And there’s more than one life that gets hurt when someone wallows in their mental illness. Everyone they interact with gets hurt. Despite the fact that they aren’t trying, most people who are incredibly depressed, anxious, obsessive, and perfectionistic, are not very nice and are certainly not able to have healthy relationships because they themselves aren’t healthy.

But of course the people that I was watching Whiplash with didn’t see it as glorifying this kind of obsession. I’m not sure what it is that made me think it was condoning at least part of the obsession, but perhaps it’s that I expect discussions of (what clearly seems to me to be) mental illness to not simply portray the behaviors because just showing the behaviors can feel like condoning when you’re in a bad place. If I had watched this movie 5 years ago I would have seen it as validation of my choices. I would have watched it and seen a young person overcome everything to pursue perfection and then achieve perfection. I would have seen that it was possible.

And so I wouldn’t have stopped.

I do wonder about our portrayals of obsession and whether we treat those behaviors in a way that says “this is not healthy” or whether we do some glossing over of the truth. How did the film actually treat questions of obsession? Did it say that there were benefits? Of course no one would see it as condoning the behavior of Andrew, but it did seem to make him into a hero, or possibly an anti-hero, something even more attractive to many (especially young) people.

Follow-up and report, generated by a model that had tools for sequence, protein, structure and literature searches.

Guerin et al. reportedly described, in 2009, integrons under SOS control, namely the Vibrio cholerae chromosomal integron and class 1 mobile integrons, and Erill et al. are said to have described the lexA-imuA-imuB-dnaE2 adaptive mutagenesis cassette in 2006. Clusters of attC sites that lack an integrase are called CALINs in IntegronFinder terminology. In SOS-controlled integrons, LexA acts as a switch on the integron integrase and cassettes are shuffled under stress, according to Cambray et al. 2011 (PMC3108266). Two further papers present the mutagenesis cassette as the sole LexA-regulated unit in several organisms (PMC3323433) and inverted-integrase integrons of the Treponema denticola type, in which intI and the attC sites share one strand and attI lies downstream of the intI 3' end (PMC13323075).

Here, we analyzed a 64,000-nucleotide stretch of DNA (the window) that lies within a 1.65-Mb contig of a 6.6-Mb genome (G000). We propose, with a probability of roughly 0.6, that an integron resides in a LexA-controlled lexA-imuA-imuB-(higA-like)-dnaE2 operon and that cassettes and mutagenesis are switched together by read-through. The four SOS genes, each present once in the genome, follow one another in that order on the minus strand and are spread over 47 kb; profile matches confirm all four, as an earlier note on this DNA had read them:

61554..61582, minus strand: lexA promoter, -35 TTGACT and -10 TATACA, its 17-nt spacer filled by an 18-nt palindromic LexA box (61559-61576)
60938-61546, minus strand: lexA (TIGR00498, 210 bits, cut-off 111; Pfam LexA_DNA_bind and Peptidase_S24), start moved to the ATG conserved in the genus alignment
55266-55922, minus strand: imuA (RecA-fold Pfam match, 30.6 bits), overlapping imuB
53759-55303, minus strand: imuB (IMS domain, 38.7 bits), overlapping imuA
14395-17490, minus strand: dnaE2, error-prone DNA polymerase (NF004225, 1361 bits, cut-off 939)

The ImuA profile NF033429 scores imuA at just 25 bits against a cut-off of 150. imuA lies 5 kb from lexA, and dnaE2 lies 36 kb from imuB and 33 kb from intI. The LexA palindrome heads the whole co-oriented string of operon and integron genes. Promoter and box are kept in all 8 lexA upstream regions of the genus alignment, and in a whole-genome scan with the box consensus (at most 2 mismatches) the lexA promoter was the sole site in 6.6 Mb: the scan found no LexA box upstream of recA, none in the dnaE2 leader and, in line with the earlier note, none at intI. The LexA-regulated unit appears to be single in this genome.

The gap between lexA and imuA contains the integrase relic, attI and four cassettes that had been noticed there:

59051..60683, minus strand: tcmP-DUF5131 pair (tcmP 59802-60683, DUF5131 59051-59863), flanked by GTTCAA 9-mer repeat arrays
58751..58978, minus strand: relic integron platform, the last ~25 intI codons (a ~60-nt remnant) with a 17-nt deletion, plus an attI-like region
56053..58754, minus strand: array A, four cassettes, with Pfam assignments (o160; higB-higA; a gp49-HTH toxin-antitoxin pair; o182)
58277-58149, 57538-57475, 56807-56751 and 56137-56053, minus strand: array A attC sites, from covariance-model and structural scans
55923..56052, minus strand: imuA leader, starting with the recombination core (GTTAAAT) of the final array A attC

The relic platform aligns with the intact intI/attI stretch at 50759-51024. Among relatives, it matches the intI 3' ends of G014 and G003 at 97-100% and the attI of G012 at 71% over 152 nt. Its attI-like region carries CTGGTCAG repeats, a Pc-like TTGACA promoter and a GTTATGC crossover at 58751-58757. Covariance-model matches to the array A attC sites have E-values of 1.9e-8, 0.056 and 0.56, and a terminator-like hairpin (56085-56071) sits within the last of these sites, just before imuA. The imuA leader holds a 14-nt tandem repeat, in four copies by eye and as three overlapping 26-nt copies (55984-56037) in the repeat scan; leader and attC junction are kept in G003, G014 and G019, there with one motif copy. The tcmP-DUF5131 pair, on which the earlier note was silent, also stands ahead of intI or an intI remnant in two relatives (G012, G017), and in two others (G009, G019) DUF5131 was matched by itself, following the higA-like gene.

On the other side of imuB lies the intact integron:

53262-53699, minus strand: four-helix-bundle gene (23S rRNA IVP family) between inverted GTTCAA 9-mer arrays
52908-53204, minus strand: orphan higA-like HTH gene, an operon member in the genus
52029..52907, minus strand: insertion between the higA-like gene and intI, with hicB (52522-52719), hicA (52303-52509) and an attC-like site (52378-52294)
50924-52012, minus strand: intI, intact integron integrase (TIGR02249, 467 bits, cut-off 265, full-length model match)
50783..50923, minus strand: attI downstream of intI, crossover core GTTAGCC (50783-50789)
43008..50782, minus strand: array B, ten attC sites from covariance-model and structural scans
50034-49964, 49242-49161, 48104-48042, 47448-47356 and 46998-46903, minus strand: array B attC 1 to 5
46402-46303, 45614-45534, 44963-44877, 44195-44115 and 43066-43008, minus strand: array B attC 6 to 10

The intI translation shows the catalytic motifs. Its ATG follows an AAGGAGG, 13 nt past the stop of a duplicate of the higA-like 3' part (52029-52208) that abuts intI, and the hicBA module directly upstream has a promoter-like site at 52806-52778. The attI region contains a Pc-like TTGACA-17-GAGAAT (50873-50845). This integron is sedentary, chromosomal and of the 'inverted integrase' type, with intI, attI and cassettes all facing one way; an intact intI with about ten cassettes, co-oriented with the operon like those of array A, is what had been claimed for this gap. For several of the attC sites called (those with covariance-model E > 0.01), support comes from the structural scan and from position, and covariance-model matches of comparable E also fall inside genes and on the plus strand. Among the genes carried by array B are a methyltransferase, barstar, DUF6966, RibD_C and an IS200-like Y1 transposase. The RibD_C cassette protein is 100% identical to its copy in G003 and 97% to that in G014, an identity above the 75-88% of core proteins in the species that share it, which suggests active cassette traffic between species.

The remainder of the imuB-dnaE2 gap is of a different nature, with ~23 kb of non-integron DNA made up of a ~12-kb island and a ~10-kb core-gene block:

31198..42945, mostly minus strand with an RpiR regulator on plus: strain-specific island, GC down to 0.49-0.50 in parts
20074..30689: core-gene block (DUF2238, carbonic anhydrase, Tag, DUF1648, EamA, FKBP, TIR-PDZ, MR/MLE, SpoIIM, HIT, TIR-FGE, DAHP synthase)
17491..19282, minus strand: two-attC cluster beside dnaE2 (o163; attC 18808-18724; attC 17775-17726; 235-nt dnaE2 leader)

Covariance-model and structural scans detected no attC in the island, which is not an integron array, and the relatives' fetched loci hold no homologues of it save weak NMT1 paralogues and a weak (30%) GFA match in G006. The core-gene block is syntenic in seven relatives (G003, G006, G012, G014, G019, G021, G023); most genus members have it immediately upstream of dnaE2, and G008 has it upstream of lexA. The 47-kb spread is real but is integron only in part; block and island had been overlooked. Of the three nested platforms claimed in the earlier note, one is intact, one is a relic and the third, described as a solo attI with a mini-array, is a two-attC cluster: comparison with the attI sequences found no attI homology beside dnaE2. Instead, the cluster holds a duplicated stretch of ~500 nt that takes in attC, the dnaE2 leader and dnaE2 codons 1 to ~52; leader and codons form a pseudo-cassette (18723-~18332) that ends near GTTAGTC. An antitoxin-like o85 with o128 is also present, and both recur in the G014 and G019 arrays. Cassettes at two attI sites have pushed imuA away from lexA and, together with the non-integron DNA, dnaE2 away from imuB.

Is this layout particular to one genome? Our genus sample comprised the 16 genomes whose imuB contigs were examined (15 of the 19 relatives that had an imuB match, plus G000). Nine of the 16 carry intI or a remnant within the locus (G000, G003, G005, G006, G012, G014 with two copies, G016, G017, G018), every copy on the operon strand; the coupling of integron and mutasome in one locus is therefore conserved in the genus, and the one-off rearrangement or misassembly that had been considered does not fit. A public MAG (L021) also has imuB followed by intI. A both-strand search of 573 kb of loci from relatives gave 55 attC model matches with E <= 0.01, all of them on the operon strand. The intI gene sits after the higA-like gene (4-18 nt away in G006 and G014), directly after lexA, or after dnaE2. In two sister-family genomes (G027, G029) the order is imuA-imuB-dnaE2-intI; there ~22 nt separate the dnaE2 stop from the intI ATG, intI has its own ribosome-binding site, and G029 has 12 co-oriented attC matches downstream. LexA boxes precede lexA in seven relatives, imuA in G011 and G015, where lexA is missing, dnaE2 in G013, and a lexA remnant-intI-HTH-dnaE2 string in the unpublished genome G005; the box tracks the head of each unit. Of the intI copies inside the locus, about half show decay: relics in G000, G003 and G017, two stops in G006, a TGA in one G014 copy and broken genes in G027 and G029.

I can’t predict how other people might react to this film, and the people that I watched it with didn’t seem to see it as any kind of validation, but it did focus on a young person overcoming obstacles to reach his goal, even if there were huge sacrifices along the way. Many people would see that as a positive. Continuing the stereotype of disturbed genius isn’t really helpful to anyone, and while the movie criticized the choice to embrace that life, it didn’t do anything to dismantle the stereotype that exists in the first place, leading to many people seeing artistry and greatness as something that necessarily comes with insanity.

This might lead many people to frame questions of dedication to art as whether they want to be happy or whether they want to be great, when in fact they can be both.

So let’s hop back to Monuments Men. Is any piece of art worth ruining your life over? Probably not, especially when we can create art without the intense depression that the movie portrays. Of course every individual has the right to make the choice in their own life, but it’s important to create messages that say it doesn’t have to be that way. You can be amazing without being pushed in cruel and awful ways. Oftentimes greatness comes with support, love, and self-empathy. Especially in today’s world where the cruel actions of famous people get broadcast to the world immediately over the internet, people are becoming less and less tolerant of brilliant assholes, and instead expect their geniuses to give back in some way.

There are many other facets to the reactions to this movie. I see more women feeling driven to prove that they deserve to be on this earth by being great, leading me to worry about the effects of portrayals of greatness on young women. How do we portray negative things in a responsible fashion is a concern that has never been properly answered (no Plato, we don’t just not portray them). And how healthy can obsession ever be?

But I do think it’s important to pull apart the association between greatness and depression. It’s not necessary.